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48. Life practice

March 2, 2012

Tibetan Sand Mandala blog blog tina fey tina fey roller coast roller coaster life is change life is change improv improv improv

In Tibet, monks spend weeks creating elaborate mandalas of colored sand. Upon completion, they systematically take the sculptures apart, and wash the sand away in a river. Or at least, that’s what I learned from Wikipedia, my source for all information that could be, possibly, true. In a similar vein, there’s a story that Picasso drew pictures on the beach –with the specific intention that they be washed away with a wave. Neither Wikipedia or a quick Google search could verify this story—so lets also put it in the category of “who knows?”. Reflecting on these narratives, the recovering academic in me might say “ahhhh…. here we see demonstrations of the power of liveness to resist commodification. This form of always already lost art, alone among ideological productions, eludes the clutches of capital.”

But today I’m wearing a different hat and I’m thinking instead about my improv class. Let me be clear: I’m not heading to Second City anytime soon. I signed up because the writing workshops weren’t going anywhere (this is only Wikipedia true). I loved the workshops I took and left inspired. Awash in creative juices, I was ready to write the magnum opus—or at least finish a short story. But each time, the inspiration quickly faded – and I still haven’t completed a story. Maybe, I decided, I was focusing too much on product, and not enough on process. Improv seemed the perfect solution. It’s fun, it’s fast, it disappears as soon as you create it. Scenes with narrative, character and setting coalesce briefly and then—pop!—like a soap bubble, they leave nothing behind. Life as practice with no consequences.

Deborah Lee Luskin on Live to Write – Write to Live advocates “jack-rabbiting, stalling, and crawling forward…” She writes about the process she has developed for starting a new project: “First, I play computer Solitaire until I see spades in my dreams. Then I clean cupboards. Sometimes, I snap at my love ones, and other times I dissolve into tears. Eventually, I start walking. A hundred or so miles later, I overcome my resistance enough to sit down at my desk.” This might sound a little bit like procrastination. But as she explained it in a response to my comment, it’s more about daydreaming. Letting the mind wander, get lost, be unproductive for a little while.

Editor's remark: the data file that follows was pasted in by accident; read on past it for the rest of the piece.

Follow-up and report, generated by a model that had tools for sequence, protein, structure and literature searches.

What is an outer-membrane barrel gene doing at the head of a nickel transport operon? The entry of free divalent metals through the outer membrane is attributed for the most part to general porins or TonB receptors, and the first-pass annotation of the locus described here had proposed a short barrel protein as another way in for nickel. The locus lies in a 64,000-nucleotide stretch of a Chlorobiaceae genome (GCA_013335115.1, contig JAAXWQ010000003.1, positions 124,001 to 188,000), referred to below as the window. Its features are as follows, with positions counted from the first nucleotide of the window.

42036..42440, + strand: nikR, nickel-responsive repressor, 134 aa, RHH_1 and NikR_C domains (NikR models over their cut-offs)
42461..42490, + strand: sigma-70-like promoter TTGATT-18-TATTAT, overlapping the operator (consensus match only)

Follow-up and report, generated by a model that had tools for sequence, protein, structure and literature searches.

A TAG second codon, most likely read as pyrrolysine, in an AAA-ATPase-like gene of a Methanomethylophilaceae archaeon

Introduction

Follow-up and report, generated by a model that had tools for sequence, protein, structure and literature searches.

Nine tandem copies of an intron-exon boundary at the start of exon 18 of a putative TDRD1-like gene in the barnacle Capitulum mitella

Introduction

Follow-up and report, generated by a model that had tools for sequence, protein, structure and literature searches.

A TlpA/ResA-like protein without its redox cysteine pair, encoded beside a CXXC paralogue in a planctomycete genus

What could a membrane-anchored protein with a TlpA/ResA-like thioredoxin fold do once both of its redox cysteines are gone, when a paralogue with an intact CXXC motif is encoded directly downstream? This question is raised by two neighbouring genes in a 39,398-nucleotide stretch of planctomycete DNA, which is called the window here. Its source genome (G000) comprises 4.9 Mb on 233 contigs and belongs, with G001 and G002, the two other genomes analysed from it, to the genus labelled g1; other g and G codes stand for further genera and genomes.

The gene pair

For me, improv class provided structured unstructured time. Led by the fabulous Laura Derry, we played catch (yes, the kind with a ball) and spoke in tongue twisters, and jumped our status up and down and all around until our brains froze rock solid. And when your brain freezes, in theory at least, everything else opens up. Why, actually, it turns out I am a 19th-century archeologist excavating ancient Egypt. And now, I’m eight and exploring the attic of a haunted house. And now this roller coaster seems to have flown off its track and now….I star at Second City, and is that Lorne Michels on the phone? Why yes, I’d love to collaborate with Tina….

Yeah. It’s a daydream right? That’s what a daydream is. No holds barred.

Often, class was fantastically, blazingly, mind-numbingly fun.

I laughed so hard milk would have come out of my nose (if I had been drinking milk).